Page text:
Endocannabinoids may also regulate liver cirrhosis by acting as mediators of vascular and cardiac functions. Endocannabinoids can trigger vasorelaxation, while an upregulated CB1-mediated cannabinoid tone causes enhanced mesenteric vasodialation leading to portal hypertension [73,75]. A recent in vivo study by Batkai et al. in rats with CCl4-induced cirrhosis, indicated that increased local production of AEA mediated the inhibition of β-adrenergic responsiveness. Further improvement in contractile function of isolated papillary muscles was observed following treatment with AM251, a CB1 receptor antagonist, suggesting therapeutic potential against cirrhotic cardiomyopathy [75].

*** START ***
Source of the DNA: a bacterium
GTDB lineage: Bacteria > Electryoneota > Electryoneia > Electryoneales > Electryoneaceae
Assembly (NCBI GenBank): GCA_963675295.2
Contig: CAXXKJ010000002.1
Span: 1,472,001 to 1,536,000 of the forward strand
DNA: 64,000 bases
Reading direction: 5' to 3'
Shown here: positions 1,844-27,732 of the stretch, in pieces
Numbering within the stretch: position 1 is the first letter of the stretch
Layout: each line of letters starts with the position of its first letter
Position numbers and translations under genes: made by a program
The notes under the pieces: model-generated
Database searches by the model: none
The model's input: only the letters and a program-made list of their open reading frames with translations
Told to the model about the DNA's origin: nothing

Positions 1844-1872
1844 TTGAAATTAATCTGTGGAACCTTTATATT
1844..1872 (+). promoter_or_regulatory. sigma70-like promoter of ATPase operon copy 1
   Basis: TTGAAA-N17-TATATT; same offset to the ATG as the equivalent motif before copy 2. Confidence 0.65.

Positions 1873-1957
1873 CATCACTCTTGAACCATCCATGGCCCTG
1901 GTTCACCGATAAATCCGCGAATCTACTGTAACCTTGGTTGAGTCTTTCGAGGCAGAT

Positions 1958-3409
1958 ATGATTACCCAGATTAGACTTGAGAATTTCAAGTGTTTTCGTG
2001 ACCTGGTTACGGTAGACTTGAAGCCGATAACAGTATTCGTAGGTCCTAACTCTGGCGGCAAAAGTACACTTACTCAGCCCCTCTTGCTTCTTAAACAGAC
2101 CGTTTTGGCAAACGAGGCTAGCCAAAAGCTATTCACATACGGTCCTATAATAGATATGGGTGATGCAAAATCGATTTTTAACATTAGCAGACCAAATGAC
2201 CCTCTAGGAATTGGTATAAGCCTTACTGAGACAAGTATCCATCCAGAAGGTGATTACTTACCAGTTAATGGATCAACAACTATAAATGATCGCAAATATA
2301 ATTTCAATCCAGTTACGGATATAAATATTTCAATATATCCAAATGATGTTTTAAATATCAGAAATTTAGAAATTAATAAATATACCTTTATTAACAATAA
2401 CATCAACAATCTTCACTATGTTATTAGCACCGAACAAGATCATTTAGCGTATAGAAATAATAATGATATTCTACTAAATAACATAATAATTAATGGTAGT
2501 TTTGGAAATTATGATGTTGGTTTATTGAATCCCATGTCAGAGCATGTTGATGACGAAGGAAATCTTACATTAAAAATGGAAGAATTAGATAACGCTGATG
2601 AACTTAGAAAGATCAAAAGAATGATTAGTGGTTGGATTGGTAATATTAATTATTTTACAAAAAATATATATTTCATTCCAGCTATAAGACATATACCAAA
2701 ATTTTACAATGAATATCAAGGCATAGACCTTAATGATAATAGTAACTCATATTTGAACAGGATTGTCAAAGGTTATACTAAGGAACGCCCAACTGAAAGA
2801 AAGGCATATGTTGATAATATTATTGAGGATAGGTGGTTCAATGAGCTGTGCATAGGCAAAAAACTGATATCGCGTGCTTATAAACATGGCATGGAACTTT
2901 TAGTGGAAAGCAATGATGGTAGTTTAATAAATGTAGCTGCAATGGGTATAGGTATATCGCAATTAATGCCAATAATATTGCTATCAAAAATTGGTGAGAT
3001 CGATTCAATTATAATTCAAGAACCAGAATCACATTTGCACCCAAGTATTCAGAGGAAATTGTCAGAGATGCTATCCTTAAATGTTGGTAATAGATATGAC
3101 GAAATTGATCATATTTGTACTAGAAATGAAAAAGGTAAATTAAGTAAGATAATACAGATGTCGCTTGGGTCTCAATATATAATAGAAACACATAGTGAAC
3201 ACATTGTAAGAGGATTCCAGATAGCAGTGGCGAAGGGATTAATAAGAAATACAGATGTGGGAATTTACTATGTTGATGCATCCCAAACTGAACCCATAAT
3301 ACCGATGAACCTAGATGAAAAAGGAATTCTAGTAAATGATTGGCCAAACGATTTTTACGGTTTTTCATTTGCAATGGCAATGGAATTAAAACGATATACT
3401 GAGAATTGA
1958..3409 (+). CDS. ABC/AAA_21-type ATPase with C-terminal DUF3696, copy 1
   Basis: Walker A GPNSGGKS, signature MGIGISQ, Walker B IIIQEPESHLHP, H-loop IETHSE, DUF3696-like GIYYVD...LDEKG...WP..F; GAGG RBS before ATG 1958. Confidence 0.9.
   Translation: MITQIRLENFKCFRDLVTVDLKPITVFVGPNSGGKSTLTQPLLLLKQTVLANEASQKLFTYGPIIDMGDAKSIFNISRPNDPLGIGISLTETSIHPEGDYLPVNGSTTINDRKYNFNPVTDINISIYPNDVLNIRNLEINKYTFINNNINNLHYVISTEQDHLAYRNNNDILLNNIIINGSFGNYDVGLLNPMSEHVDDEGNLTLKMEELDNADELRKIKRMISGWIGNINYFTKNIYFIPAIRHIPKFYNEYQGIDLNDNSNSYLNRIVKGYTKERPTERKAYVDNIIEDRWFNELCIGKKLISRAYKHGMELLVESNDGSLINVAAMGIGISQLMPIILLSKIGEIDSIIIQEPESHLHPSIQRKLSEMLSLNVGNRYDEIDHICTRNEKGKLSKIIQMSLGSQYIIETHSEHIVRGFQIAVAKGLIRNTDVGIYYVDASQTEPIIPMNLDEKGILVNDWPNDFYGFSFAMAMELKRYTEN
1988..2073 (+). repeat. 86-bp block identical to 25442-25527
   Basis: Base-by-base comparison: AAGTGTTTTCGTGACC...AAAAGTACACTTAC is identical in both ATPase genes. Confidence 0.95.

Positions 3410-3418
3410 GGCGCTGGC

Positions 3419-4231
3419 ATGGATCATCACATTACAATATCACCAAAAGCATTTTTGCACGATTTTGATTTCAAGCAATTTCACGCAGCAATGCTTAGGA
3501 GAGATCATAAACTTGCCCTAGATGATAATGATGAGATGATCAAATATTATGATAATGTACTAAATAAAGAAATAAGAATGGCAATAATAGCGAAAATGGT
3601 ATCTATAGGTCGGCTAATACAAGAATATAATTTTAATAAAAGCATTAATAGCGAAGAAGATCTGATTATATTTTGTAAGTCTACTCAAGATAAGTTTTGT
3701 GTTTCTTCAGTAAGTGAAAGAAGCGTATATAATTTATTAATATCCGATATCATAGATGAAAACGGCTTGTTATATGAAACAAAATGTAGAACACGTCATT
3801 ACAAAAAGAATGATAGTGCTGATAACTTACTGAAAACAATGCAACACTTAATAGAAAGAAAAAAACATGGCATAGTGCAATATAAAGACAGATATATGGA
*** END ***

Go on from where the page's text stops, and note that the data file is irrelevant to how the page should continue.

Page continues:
There are limited, but reliable, data on the neuroprotective role of the endocannabinoid system in hepatic encephalopathy. It has been demonstrated in a murine model that, during fulminant hepatic failure, levels of 2-AG in the brain are elevated, potentially as a response to liver damage. The administration of the CB2 endogenous ligand 2-AG, an antagonist of CB1 receptor SR141716A or an agonist of CB2 receptor HU308, resulted in a marked improvement in neurological score. Thus, influencing the endocannabinoid system with exogenous cannabinoid derivates specific for the CB1 or CB2 receptor may have a beneficial therapeutic effect on neurological dysfunction in liver diseases [78]. Recently, we noted that both exogenous and endogenous cannabinoids protected mice from concanavalin-A (ConA)-induced acute hepatitis, a model that mimics viral or autoimmune hepatitis, in which T cells play a critical role in triggering liver injury. We found that administration of a single dose of THC or anandamide could ameliorate Con-A-induced hepatitis. We found that this effect was mediated through multiple pathways, including suppression of pro-inflammatory cytokines, induction of apoptosis in activated T cells and induction of forkhead helix transcription factor p3(Foxp3) + Treg cells [79]. This overwhelming evidence shows that the cannabinoid system must play a major role in the pathophysiology of various liver diseases and its therapeutic potential should be exploited for the treatment of chronic liver injuries ( Figure 2 ).